Natural disasters can be terrifying to people of all ages. Last week’s devastating earthquake in Haiti and the subsequent aftershocks are no exception. It seems as if the whole world is focused right now on the natural disaster and human tragedy that has befallen Haiti in recent years. It is impossible to turn on the TV, radio, or internet or pick up any form of print media without seeing pictures or hearing about the current Haitian conditions. With the latest study showing that the average American child uses electronic media almost 8 hours per day (HealthDay News, January 20, 2010), it is imperative that the adults around them are aware of and limit the amount and type of information being presented to them.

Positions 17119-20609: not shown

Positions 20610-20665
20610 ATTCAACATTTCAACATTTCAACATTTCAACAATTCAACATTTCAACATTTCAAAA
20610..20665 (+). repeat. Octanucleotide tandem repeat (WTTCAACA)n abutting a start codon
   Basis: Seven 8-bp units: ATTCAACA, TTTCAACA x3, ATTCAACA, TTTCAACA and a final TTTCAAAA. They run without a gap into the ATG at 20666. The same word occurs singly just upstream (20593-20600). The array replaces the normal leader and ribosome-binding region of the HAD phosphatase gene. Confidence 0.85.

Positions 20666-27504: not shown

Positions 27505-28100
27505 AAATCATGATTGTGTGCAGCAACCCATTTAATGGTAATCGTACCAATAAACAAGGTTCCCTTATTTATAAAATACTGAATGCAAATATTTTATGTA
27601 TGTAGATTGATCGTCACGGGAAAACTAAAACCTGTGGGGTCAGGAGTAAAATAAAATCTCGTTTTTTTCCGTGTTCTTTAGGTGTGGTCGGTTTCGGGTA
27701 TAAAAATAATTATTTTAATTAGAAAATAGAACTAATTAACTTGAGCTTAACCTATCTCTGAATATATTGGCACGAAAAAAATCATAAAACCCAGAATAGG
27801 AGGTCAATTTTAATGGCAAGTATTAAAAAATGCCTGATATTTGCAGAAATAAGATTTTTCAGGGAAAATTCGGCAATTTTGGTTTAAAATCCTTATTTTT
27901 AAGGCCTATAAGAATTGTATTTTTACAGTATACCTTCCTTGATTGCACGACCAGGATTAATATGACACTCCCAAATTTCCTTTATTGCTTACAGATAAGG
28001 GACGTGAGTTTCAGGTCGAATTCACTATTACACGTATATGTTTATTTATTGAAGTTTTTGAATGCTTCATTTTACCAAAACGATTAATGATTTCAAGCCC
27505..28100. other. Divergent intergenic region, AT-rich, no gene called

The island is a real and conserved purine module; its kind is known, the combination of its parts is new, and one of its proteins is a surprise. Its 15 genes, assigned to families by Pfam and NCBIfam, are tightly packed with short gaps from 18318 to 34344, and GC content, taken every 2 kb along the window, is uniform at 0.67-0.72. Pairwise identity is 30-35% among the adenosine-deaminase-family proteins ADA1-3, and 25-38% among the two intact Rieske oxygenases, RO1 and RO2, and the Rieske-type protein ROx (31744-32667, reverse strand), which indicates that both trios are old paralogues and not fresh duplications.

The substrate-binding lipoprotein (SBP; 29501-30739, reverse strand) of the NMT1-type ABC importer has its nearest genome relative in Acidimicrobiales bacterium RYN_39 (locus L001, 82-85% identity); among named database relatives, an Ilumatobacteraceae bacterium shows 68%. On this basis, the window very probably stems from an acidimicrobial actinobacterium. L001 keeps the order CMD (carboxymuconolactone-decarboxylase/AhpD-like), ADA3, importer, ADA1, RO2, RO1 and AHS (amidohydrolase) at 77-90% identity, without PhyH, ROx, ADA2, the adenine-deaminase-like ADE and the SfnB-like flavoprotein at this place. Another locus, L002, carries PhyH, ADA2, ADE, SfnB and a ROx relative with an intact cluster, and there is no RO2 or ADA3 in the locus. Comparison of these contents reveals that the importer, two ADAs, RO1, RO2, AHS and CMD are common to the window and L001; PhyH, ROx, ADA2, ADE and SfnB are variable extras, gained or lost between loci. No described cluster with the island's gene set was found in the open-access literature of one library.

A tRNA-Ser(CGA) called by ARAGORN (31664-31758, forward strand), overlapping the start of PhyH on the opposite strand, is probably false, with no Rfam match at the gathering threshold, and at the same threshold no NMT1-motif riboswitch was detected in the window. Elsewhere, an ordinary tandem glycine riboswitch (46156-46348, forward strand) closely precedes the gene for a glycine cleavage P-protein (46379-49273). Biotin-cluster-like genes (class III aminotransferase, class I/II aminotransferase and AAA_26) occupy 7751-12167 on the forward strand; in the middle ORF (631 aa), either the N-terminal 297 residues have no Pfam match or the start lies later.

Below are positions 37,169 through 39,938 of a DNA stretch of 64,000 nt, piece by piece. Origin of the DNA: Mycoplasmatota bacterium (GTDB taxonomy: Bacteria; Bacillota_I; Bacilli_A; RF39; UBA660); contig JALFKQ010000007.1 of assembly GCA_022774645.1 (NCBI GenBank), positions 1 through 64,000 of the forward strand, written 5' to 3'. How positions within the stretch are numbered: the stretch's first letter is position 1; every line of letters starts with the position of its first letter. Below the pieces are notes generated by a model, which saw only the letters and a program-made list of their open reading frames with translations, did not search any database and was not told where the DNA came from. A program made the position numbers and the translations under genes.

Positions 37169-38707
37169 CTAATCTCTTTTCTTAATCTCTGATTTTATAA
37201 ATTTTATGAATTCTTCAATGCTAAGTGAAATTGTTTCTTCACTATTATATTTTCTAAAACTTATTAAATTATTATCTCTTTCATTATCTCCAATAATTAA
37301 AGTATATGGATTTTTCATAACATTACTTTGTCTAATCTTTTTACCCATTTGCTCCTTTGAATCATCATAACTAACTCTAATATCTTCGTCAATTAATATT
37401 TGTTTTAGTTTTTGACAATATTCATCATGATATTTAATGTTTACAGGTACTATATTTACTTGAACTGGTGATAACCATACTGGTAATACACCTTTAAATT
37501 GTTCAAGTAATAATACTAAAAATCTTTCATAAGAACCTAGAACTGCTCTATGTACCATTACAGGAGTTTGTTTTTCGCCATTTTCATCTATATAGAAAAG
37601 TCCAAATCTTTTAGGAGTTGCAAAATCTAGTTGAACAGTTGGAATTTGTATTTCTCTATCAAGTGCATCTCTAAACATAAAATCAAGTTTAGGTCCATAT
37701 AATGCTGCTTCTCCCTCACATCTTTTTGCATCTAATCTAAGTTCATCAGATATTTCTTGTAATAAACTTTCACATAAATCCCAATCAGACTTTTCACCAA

Currently there is an international outpouring of solidarity, compassion, and aid in response to the devastation in Haiti. People from around the world are reaching out to a country many may not even be able to place on a map, to people who are complete strangers. Let us take this time to explore and learn more about the country and people of Haiti through activities and resources that span the full Montessori curriculum.